$ go run <crashwalk_root>/cmd/cwtriage/main_unix.go -root out/default/crashes -- ./test1

[...]
---------
---CRASH SUMMARY---
Filename: […]/out/default/crashes/id:000000,sig:04,src:000000,time:3,op:havoc,rep:8
SHA1: 17ba0791499db908433b80f37c5fbc89b870084b
Classification: PROBABLY_EXPLOITABLE
Hash: 192eeaee244138417ff835e27c990c6b.192eeaee244138417ff835e27c990c6b
Command: ./test1 -in
Faulting Frame:
   vuln @ 0x0000555555555169: in […]/test1
Disassembly:
Stack Head (2 entries):
   vuln                      @ 0x0000555555555169: in /[…]/test1
   main                      @ 0x00005555555551dc: in /[…] /test1
Registers:
rax=0x0000000000000000 rbx=0x0000000000000000 rcx=0x0000000000001000 rdx=0x0000000000000000
rsi=0x00007fffffffe000 rdi=0x00007ffff7f914f0 rbp=0x00007fffffffdfe0 rsp=0x00007fffffffdfe0
 r8=0x0000000000000003  r9=0x00007ffff7f8ea60 r10=0x0000000000000070 r11=0x0000000000000000
r12=0x0000555555555060 r13=0x0000000000000000 r14=0x0000000000000000 r15=0x0000000000000000
rip=0x0000555555555169 efl=0x0000000000010246  cs=0x0000000000000033  ss=0x000000000000002b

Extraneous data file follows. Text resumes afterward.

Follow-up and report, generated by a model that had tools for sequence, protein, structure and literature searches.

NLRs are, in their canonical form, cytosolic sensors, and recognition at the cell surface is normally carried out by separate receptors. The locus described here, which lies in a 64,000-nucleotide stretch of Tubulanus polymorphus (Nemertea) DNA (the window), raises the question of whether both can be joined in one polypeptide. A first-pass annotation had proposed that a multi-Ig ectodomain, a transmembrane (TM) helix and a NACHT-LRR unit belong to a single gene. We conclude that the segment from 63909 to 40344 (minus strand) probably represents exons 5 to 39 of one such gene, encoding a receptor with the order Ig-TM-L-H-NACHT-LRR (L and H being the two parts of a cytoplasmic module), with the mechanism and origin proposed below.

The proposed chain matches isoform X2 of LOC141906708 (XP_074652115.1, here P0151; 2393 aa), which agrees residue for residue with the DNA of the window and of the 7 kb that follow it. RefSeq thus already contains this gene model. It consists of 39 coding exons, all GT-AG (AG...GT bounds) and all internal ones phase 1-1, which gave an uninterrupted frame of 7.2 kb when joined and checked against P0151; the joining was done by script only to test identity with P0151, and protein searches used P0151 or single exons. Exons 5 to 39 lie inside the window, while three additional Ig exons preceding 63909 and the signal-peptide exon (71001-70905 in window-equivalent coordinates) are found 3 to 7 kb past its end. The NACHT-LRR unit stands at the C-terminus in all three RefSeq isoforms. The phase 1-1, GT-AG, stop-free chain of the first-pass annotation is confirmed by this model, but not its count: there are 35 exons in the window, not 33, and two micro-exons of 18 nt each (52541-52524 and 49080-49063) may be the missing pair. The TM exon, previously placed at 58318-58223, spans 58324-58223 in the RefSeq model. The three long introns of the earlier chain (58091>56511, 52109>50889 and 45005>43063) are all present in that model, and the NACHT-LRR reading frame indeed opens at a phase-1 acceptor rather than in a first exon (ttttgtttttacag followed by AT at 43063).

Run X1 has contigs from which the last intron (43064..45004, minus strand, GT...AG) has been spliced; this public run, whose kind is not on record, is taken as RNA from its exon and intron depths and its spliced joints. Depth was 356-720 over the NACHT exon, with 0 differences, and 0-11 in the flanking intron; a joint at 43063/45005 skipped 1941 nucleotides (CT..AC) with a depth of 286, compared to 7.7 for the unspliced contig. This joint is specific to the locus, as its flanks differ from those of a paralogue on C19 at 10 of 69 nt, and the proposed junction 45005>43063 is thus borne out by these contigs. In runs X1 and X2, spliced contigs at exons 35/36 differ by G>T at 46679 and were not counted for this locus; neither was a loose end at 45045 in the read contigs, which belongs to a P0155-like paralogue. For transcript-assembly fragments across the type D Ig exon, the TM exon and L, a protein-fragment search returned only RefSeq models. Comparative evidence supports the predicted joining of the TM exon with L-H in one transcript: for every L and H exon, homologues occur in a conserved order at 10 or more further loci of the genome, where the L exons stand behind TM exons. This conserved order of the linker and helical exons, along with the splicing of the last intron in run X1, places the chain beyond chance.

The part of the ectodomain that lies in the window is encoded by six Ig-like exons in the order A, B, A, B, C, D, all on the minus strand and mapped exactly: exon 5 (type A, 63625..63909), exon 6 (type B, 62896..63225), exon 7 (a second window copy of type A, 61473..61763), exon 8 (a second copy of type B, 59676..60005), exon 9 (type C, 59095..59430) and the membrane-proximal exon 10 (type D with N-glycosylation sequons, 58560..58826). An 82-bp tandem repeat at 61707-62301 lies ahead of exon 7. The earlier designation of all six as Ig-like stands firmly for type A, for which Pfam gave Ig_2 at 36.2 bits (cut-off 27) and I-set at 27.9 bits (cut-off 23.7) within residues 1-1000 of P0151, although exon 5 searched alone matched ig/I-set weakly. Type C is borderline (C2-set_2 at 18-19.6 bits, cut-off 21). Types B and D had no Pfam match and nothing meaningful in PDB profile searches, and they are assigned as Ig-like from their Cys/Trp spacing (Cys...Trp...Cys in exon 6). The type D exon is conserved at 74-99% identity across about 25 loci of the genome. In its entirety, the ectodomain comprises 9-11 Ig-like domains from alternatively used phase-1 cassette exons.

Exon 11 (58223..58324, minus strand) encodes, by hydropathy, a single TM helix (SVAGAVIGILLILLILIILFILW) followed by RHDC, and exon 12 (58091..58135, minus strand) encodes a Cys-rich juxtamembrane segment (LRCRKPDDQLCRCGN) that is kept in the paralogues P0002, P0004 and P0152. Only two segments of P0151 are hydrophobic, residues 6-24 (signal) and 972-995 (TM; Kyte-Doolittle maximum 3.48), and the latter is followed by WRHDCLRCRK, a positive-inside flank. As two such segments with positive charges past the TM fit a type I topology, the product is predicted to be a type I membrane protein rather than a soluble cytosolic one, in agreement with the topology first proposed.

ds=0x0000000000000000  es=0x0000000000000000  fs=0x0000000000000000  gs=0x0000000000000000
Extra Data:
   Description: Access violation near NULL on destination operand
   Short description: DestAvNearNull (15/22)
   Explanation: The target crashed on an access violation at an address matching the destination operand of the instruction. 
   This likely indicates a write access violation, which means the attacker may control write address and/or value. 
   However, it there is a chance it could be a NULL dereference.
---END SUMMARY---
[...]

After triaging the crashes in the out folder for test2.c, let’s compare the two databases.

$ go run <crashwalk_root>/cmd/cwdump/main.go crashwalk1.db
(1 of 1) - Hash: 981a4f6be138dbeb754554b6a8e3f7e1.981a4f6be138dbeb754554b6a8e3f7e1
---CRASH SUMMARY---
[...]
---END SUMMARY---
(1 of 1) - Hash: f0b15920caafa302edf704ff722aeb8e.f0b15920caafa302edf704ff722aeb8e
---CRASH SUMMARY---
[...]

 

$ go run <crashwalk_root>/cmd/cwdump/main.go crashwalk2.db
(1 of 10) - Hash: b8bcf58d80d4661d053ccce18fc289df.0621a1ede1a407427f691584eab16c9f

 

In the case of test1.c Crashwalk identified ten different crashes that need further inspection, in the case of test2.c it identified ten occurrences of the same crash.

Once the crashes have been categorized and bucketed, the unique crashes can be analyzed in more detail. Further information about the vulnerabilities in test2.c can, for example, be obtained with Adress Sanitizer (ASan), or in the case of black-box binaries Valgrind, dr memory, or custom tools.
To illustrate this, we compile the binary with ASan.

$ clang -fsanitize=address test2.c -o test2_asan

Now we execute the binary and provide a crashing input:

$ ./test2_asan 
1
=================================================================
==64246==ERROR: AddressSanitizer: attempting double-free on 0x60c000000040 in thread T0: